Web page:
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Comments

  • robs249_ robs249_ Posts:

    As much as I've always loved the 3series, I can't see paying the premium for a base 320i over the '14 Mazda3 S Grand Touring. The 328i should really start at this price point.

  • pommah pommah Posts:

    The 1-series is now what the 3-series used to be, the 3-series is what the 5-series used to be, and so on.

  • s197gt s197gt Posts:

    usually bmw has great wheel design; especially for the sport package. those wheels do nothing for me.

  • s197gt s197gt Posts:

    oh... i hope you guys dyno'd that car.

  • rwatson rwatson Posts:

    pommah, that's exactly what I said all along. I wonder if the base1 still has the straight-6? If so, that's the BMW to get, I think. I really consider the 1 series to be the old 2002 with a lot more power.

  • duck87 duck87 Posts:

    @rwatson: You can get the BMW 135i with the turbocharged 6. The base model 128i still has the naturally aspirated 6. Either of these cars are great (minus space issues in the back... too bad we don't get the hatch); in Michigan I've been seeing enthusiast

  • jadis jadis Posts:

    As usual crappy editing by Edmunds. Those tires are NOT all season. If you are going to post details, get them right, or don't post them.

  • cotak cotak Posts:

    @rwatson @duck87 The 320i is just surprising to Americans cause you guys didn't get the 323i previously. That car's basically the 320i but without the turbo, the 0-60 times are basically the same. It's the stripper volume model BMW sells to people who wan

  • lions208487 lions208487 Posts:

    This makes the ATS 2.5 liter look like a race car. This 320i will be for those that just want the badge and that's it.

  • fortstring fortstring Posts:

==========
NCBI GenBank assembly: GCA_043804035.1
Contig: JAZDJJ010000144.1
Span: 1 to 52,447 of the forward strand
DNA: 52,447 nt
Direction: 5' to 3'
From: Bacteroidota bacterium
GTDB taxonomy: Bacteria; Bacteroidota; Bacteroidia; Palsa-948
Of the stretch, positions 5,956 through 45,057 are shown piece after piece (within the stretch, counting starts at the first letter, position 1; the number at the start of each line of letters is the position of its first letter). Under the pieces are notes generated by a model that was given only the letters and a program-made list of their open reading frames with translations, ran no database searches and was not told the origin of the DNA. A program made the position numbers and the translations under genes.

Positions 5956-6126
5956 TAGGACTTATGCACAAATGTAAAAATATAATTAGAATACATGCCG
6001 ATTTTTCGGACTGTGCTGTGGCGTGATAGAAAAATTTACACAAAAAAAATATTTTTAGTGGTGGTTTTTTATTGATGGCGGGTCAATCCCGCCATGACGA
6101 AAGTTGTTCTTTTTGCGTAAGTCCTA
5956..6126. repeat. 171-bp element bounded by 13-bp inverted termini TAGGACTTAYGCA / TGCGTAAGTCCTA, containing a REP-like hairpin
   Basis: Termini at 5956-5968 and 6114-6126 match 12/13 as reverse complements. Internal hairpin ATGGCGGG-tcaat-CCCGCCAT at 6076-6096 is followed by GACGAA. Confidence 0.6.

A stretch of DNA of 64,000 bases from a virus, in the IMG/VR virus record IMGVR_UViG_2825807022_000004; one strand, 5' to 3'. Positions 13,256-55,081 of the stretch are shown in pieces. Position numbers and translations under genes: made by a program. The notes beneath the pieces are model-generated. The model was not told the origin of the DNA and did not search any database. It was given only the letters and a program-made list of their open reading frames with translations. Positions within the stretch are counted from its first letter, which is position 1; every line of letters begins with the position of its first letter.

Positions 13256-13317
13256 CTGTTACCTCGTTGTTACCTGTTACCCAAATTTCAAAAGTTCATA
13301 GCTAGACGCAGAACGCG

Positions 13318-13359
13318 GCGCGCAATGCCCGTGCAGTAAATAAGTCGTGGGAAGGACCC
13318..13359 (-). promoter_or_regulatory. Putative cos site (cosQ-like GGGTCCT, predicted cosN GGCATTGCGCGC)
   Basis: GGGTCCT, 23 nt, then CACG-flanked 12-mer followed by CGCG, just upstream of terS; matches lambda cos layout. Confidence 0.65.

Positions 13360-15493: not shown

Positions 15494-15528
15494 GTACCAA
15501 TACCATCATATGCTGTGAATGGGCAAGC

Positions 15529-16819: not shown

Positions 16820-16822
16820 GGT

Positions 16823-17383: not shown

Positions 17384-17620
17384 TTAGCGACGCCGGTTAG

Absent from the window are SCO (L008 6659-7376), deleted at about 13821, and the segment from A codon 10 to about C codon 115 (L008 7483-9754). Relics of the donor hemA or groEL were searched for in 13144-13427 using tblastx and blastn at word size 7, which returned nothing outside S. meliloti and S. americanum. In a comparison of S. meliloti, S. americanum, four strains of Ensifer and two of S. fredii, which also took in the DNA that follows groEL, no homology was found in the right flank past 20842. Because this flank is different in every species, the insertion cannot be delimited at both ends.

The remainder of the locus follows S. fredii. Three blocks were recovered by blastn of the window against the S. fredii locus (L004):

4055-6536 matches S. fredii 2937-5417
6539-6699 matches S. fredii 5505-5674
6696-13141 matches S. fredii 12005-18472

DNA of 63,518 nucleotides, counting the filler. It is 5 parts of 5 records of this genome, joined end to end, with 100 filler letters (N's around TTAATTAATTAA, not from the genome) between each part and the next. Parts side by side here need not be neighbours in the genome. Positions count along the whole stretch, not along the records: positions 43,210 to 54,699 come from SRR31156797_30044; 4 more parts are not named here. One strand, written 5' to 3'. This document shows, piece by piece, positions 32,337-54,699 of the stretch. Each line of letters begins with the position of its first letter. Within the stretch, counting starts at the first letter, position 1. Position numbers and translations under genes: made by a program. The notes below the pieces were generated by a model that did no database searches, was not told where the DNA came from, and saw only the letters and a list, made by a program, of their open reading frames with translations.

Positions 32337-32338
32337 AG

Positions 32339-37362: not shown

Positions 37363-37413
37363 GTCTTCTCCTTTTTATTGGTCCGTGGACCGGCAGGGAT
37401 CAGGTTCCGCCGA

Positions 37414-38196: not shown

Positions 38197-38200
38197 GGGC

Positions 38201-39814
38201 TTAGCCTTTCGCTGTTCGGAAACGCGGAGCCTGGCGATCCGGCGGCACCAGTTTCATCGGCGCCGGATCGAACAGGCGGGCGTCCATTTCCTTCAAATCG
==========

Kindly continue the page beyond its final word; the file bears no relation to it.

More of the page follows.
"$33,475"??? For that price, I'd much rather have the Volvo S60 T5 AWD or Infiniti G37 Journey. This value thing (or lack thereof) is getting a bit absurd with BMW.

  • lions208487 lions208487 Posts:

    @cotak- You're in North America, thus you're also an "American" Pertaining to your other comment however; you're right, people in the U.S. are a bit spoiled and want performance and options for a solid price or they just won't consider the vehi

  • gmanzx3 gmanzx3 Posts:

    Looked at purchasing one of these and was very underwhelmed. Had a 2011 328i and was spoiled. The new 320i was slow...coarse...loud...and unbelievably cheap inside in comparison. Light steering and a sloppy ride drove me away. Shopped the competition and the S60 and TSX both were better vehicles for me (in the low $30k price range). The 320i was nearly $40k with leather/roof/cold wx!!! The S60 (with incentives) was nearly $7k less...and it blew it away. The TSX was $10k less! I ended up with the TSX...while not perfect...definitely the best bang for the buck.

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  • financeman2 financeman2 Posts:

    $35,000 for a stripped down daily driver is crazy...especially given other choices for the same price or less. That said, I sure the BMW drives well. Still its very fairly unexceptional in a very competitive marketplace. It the BMW badge is important to an owner/driver, this might be an appealing option. For almost the same price, you can get a basic, but dramatically more powerful and vastly better equipped Infiniti Q50.

  • shatner shatner Posts:

    As much as I've always loved the 3series, I can't see paying the premium for a base 320i over the '14 Mazda3 S Grand Touring. The 328i should really start at this price point. ++++++++++++++++++++ ++++++++++++++++++++ You may be the only person to have ever compared and cross shopped those 2 cars. A Mazda 3 and a Honda Civic are closer competition.

  • cbrandi_ cbrandi_ Posts:

    I'd rather have a Focus ST and pocket the extra money. BMW has become a mass market producer of cars for the masses. Pretension is still here but sporting is not. These are cars for those who cruise the suburbs and shopping malls, not winding mountain roads.